The thyroid is a small gland located in the lower part of the neck that secrets hormones, mainly triiodothyronine, or T3; and thyroxine, or T4. When the thyroid malfunctions, hormone levels, metabolism, energy and weight can fluctuate 1. Exercise can help reduce the symptoms of many thyroid diseases, however, by stabilizing metabolism, weight and energy levels 1.
Hypothyroid occurs when the thyroid does not release enough hormones, and can result in weight gain, fatigue and depression 1. Hyperthyroid is characterized by an excess of hormone secretion, which can spur weight loss, nervousness and rapid heartbeat. Thyroiditis is when the thyroid becomes inflamed from bacterial or viral infection. Goiter is the condition of having an enlarged thyroid. Thyroid nodules are solid or liquid filled cysts, lumps, bumps and tumors — which can be benign or cancerous — in the thyroid.
- Hypothyroid occurs when the thyroid does not release enough hormones, and can result in weight gain, fatigue and depression 1.
Exercise, Hypothyroidism and Hyperthyroidism
Exercises for Hyperthyroidism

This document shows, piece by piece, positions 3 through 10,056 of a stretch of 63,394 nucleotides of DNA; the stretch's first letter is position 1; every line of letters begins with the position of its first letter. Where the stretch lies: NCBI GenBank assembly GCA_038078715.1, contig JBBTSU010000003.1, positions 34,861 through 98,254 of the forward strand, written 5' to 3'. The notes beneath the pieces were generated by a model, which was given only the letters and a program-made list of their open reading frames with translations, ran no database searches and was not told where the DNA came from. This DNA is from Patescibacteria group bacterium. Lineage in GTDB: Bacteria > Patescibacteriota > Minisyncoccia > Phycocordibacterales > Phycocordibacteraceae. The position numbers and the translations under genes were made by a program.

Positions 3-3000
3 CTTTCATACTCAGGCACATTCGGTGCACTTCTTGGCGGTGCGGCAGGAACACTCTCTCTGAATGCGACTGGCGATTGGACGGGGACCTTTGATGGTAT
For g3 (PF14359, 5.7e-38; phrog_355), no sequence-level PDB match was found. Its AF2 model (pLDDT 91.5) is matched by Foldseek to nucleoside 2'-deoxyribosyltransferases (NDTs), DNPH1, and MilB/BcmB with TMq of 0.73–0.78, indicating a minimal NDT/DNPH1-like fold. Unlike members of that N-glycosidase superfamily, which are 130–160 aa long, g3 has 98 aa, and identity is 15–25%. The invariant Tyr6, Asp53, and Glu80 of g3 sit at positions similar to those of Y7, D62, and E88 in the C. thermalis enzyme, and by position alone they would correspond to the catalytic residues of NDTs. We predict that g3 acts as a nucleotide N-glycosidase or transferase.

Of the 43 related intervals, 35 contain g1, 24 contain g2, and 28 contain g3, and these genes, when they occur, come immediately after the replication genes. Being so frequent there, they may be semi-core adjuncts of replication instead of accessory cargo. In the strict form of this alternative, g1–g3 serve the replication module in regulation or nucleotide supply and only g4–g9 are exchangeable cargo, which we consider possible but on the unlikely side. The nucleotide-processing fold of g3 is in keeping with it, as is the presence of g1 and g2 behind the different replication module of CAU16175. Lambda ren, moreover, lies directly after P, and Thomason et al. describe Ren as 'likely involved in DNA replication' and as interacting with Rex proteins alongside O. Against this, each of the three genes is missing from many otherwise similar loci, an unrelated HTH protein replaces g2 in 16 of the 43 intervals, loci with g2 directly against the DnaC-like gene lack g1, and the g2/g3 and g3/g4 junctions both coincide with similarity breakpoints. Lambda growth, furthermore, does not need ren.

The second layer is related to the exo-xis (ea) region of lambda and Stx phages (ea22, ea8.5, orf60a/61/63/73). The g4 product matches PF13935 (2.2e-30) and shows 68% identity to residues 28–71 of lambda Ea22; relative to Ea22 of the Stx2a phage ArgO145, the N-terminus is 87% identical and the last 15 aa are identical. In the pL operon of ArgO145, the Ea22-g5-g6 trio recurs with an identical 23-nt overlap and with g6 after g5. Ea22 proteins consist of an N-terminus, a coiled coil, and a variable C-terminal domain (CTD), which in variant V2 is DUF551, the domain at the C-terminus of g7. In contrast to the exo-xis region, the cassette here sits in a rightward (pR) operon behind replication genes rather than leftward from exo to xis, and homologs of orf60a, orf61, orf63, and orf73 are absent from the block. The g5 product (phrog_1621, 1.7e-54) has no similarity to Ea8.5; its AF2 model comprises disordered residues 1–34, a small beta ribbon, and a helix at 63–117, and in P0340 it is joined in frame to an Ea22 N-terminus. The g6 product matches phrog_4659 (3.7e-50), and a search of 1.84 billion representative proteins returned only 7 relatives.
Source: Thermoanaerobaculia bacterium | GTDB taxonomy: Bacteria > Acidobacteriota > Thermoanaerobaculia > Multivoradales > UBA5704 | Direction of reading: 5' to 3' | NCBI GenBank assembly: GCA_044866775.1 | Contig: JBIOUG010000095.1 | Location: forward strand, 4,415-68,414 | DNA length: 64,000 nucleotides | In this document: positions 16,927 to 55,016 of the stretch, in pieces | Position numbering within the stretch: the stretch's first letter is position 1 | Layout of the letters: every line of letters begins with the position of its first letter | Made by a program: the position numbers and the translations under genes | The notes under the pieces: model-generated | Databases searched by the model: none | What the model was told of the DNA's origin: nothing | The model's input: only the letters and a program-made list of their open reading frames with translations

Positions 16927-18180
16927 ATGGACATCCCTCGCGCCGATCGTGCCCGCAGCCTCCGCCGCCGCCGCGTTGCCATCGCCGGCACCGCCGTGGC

Many thyroid diseases require medication, and exercise can compliment treatment. Exercise raises your metabolism and increases lean muscle mass, helping you burn more calories. Exercise also boosts mood and energy levels. Hyperthyroidism can cause sleeplessness and low energy levels, both of which may be lessened with regular exercise 24.
- Many thyroid diseases require medication, and exercise can compliment treatment.
- Exercise raises your metabolism and increases lean muscle mass, helping you burn more calories.
Exercise and Thyroid Hormones
Aerobic exercise can increase hormone production in the thyroid, according to the study "Exercise Intensity and its Effects on Thyroid Hormones," published in Vol 5. 26 of Neuroendocrinology Letters 5. Regular aerobic exercise can boost levels of T4 and T3, helping people who have low levels of hormones in the thyroid, such as patients with hypothyroidism or autoimmune diseases affecting the thyroid. Increased hormone production can, in turn, decrease the negative side effects of many thyroid disorders.
L-Carnitine & Hypothyroidism